Keith Stutes was determined to wipe clean the stain of a bribery scandal he inherited when he took over the 15th Judicial District Attorney’s Office in 2015. Left unchecked, diversion programs, which have long served as an alternative to criminal prosecution for non-violent offenders, can be fraught with problems. He weighed eliminating the district’s program, but opted instead to make it more restrictive, a hedge against abuse.
Pretrial diversion programs are common in Louisiana, and their usefulness as a tool of justice is difficult to pin down. District attorneys operate them with little oversight or transparency, leading to criticism that they are at best a method of selling justice and at worst tools of corruption. In the 15th Judicial District, at least, the program offers a cautionary tale.
After Stutes’ single term as district attorney, his successor expanded the program while contracting with an exclusive set of vendors, drawing the scrutiny of federal investigators and, ultimately, another bribery scandal erupted. The 15th Judicial District Attorney’s Office is now ground zero for a scandal that’s resonated statewide.
Don Landry defeated Stutes’ first assistant, Danny Landry, and assumed office in 2021. He put one of his top assistants, Gary Haynes, in charge of the diversion program. Haynes and a contractor, Dusty Guidry, completely revamped it, trying, it seems, to turn the program into the kind of money-maker it has become in some of the state’s judicial districts.
Enrollment in the program nearly doubled from 2019, Stutes’ last pre-Covid year in office, to 2021. What was, under Stutes, a program operating in the red by hundreds of thousands of dollars, posted a $36,000 profit on more than $1 million in revenues.
|Year||15th JDC Diversion Enrollment|
|2022 (through May)||325|
Guidry pleaded guilty in a federal indictment unsealed earlier this year, with Haynes implicated in court documents as “Public Official 1” in the unfolding bribery scandal. Landry initially hesitated before placing Haynes on unpaid leave following the FBI’s May 2022 raid of his office. Haynes was investigated during the prior scandal, which involved kickbacks related to OWI charges, but never charged.
Federal prosecutors say the growth was by design, contending that Guidry and Haynes (identified in court documents as Public Official 1) “loosened and caused to be loosened the eligibility requirements of defendants” so vendors could collect and kick back more money. The new program offered four vendors exclusivity and mandated that offenders use them — a policy one attorney interviewed for this story called “a bad administrative decision.” Each vendor tied to Don Landry’s office is implicated in the kickback scheme, with Guidry pleading guilty in late March to having illegally taken in more than $830,000.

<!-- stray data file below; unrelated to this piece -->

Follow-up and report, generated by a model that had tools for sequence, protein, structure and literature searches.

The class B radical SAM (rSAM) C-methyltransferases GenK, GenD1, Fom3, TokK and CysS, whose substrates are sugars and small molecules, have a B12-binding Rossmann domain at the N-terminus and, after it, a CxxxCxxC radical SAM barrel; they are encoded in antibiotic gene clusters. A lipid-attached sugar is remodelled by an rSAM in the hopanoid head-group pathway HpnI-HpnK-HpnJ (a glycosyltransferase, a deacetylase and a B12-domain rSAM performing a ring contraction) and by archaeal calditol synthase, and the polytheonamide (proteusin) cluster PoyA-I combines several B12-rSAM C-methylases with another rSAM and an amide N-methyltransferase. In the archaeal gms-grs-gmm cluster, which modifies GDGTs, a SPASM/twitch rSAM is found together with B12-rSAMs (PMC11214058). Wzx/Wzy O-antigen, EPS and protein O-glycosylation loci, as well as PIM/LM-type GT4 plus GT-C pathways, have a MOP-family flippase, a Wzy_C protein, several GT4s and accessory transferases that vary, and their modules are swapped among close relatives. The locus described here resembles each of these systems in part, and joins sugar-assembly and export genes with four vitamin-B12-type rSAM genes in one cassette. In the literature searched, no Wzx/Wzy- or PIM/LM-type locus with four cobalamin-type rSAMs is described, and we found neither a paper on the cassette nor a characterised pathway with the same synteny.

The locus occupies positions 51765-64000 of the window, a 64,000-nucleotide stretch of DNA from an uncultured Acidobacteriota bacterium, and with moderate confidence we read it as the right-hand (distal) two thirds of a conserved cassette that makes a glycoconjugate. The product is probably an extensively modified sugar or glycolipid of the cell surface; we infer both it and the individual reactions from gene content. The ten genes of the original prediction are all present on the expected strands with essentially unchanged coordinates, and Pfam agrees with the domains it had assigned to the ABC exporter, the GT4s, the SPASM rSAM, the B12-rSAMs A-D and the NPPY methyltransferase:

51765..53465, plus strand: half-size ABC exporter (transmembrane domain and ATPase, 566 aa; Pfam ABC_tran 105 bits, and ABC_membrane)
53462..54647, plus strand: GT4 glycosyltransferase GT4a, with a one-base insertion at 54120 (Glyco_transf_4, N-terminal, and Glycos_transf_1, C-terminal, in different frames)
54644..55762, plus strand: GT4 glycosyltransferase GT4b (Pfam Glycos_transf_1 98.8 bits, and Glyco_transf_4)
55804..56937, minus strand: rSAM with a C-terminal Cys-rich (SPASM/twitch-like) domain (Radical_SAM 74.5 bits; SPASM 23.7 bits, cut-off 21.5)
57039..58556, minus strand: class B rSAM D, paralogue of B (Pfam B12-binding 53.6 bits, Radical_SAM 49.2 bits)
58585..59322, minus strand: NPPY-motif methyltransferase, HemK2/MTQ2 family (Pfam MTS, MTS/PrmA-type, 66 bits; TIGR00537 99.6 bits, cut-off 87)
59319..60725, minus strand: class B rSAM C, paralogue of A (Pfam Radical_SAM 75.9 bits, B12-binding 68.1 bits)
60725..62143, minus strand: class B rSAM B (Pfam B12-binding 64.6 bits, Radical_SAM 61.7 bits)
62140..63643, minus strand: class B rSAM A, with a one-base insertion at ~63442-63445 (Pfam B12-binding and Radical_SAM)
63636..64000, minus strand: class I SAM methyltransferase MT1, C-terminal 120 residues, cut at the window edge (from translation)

Landry has defended the program’s growth from the moment FBI agents raided his offices in Downtown Lafayette last year. Some criminal defense attorneys likewise have criticized Stutes’ approach as far too restrictive.
“[Landry’s program] is much better than his predecessor’s program, and it is better than those available in adjacent judicial districts,” says criminal defense attorney Barry Sallinger, noting he believes Landry has taken some steps to identify and address issues with the program. (Sallinger previously represented Guidry after his 2021 felony drug arrest unrelated to the kickback scheme; Guidry has not been charged in that case due to the federal investigation taking precedence.)
Still, vendor exclusivity — a factor in the kickback scheme — is one of the biggest administrative problems local attorneys identified with Landry’s program.
“With many options for service providers, the choice [of which to use] would be left to the participant and the possibility of kickbacks or bribes would be very limited,” says Sallinger. “Why should one provider be mandated? This never made sense to me. It merely invites trouble.”
After the federal raid in May 2022, Landry promised to bring in an independent auditing firm (which would be separate from his office’s regular auditors) to ensure that “all our procedures and safeguards were complied with.”
A new bribery scandal in the DA’s office appears to link directly to Don Landry’s decision to return Gary Haynes to the office.
Don Landry has demurred as a potential public corruption scandal brews, even as he placed a prosecutor linked to the investigation.
Landry’s regular auditors, however, have found problems with controls and accountability.
The Kolder Slaven firm raised red flags in its 2021 audit, saying the office did not have adequate written policies and procedures for its pretrial diversion program, resulting in “inconsistent and incomplete documentation being maintained in participant files.” The auditors appear to be saying they can’t even tell if participants completed the program. They also said in the report that the office could be running afoul of state law.